Turtles All The Way Down by John Green: hopeful realism YA writers should strive for
Acknowledging the difficulties of loving someone with a chronic mental illness is both ethically noble and, with this novel, skilfully done
YouTube celeb John Green remains a terribly talented author first and foremost. Photograph: Ton Koene
Turtles All The Way Down
John Green is a frustrating entity for book reviewers – a successful vlogger with substance, whose commitment to literary fiction outweighs the need to promote a new mascara or indeed cater to his “brand” in any way. It may even be unfair to group him with the vlogger community – he was a Printz-award-winning author before his series with brother Hank (novel forthcoming) became an internet sensation. At the same time, it is disingenuous to pretend that his appeal is entirely unrelated to his popular persona, all the more so with his latest novel – a title that explores a mental illness with which Green acknowledges his own experience.
Sixteen-year-old Aza Holmes struggles both with obsessive-compulsive disorder and a yearning to figure out what kind of story she is in, a metafictional struggle that at times gets painful (when the sidekick explicitly states “My whole life I thought I was the star of an overly earnest romance movie, and it turns out I was in a goddamned buddy comedy all along”, we have already got the message).
The kind of story Aza is in is, of course, a John Green story – a world where teenagers are hyper-articulate about their particular brand of existential angst and highly versed in both philosophy and literature. It is essential to buy into this conceit, and important to note it is not new to Green; the adolescents of noughties teen dramedy Dawson’s Creek exhibited a similar tendency to expound at great length about their emotional lives with phrasing far more fitting to a graduate student that nevertheless enabled a representation that was authentic if not strictly realist.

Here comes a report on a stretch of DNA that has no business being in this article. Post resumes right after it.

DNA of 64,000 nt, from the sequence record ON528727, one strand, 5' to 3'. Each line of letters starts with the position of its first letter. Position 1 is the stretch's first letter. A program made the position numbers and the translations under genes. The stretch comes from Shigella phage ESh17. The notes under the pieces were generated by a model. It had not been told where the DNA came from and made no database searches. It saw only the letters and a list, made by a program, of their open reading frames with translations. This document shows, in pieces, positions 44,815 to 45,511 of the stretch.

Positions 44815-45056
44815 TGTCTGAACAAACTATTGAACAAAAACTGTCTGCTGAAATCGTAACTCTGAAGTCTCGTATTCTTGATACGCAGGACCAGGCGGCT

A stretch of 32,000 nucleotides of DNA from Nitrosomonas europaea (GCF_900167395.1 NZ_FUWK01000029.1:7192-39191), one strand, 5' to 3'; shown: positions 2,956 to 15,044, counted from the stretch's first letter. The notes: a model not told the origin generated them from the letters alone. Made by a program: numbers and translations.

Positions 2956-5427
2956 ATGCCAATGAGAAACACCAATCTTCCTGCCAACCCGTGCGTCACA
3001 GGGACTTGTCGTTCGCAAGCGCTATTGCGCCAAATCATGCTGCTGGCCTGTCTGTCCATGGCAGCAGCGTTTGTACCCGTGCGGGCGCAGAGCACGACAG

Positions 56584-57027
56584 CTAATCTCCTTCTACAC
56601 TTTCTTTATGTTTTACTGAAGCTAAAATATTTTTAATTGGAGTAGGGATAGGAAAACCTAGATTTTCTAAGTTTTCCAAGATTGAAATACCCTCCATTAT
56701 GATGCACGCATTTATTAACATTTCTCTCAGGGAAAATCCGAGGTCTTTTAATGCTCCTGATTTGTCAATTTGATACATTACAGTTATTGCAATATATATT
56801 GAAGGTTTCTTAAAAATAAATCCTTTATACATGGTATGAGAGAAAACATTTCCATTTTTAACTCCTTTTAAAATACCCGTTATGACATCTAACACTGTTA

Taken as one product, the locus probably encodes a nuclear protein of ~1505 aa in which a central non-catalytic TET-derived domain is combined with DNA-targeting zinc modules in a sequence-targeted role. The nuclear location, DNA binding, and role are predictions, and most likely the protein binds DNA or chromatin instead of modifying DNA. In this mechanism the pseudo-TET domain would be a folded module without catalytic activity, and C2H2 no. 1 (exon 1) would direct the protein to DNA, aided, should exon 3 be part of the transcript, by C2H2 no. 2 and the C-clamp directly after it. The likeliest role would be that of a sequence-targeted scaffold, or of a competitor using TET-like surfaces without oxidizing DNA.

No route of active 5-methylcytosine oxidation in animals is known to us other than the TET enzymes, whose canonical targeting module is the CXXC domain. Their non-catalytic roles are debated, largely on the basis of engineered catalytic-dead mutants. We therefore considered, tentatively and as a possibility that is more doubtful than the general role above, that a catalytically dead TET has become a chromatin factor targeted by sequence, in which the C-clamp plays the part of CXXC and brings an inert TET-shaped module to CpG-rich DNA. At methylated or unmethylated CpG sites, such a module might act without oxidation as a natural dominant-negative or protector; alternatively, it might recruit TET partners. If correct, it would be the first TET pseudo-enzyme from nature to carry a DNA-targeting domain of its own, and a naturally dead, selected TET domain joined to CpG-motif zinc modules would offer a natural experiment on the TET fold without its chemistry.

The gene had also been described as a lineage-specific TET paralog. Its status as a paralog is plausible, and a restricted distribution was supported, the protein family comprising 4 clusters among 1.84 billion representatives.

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Aza experiences her often-intrusive thoughts “not as a choice but as a destiny. Not a catalog of my consciousness, but a refutation of it”. This is not how teenagers – or indeed any of us – think, but it is a heightened and more intellectual take on how we experience the world. And we must remember that Green’s characters are heightened in this way, including love interest Davis Pickett – a deeply sensitive young man who (I do hate to be cynical) is in no way representative of teenage boys. His fondness for quoting significant figures and his self-conscious quirkiness immediately establishes him as a successor to Augustus Waters, Green’s last “manic pixie dream boy”.
But then everything changes. This is most emphatically not The Fault In Our Stars take two. Green sets us up to believe that we are reading and decoding a predictable quirky-mystery narrative with a heart-warming love story at its centre – and then reminds us he is a fiercely intelligent and innovative author deeply committed to his craft (with a delight in subverting genre expectations).
The mystery is not the point. The love story is not the point. This is about Aza and an illness that seems all-too-rational – “Worrying is the correct worldview,” she asserts at one point. “Life is worrisome.” – but is destroying her inside and out.
Most powerfully presented is her friendship with the charismatic and dramatic Daisy, whose seemingly-trivial obsession with Star Wars fanfiction serves to illuminate the frustrations with being the best friend to someone who “had the moral integrity of someone who’d never been hungry” and for whom “easy living was the only kind of living she’d ever known”.
Acknowledging the difficulties of loving someone with a chronic mental illness is both ethically noble and, with this novel, skilfully done. Its glimpse into the future for the narrator offers up a brand of hopeful realism all YA writers should strive towards. YouTube celeb John Green remains a terribly talented author first and foremost.
Claire Hennessy is a YA writer and critic.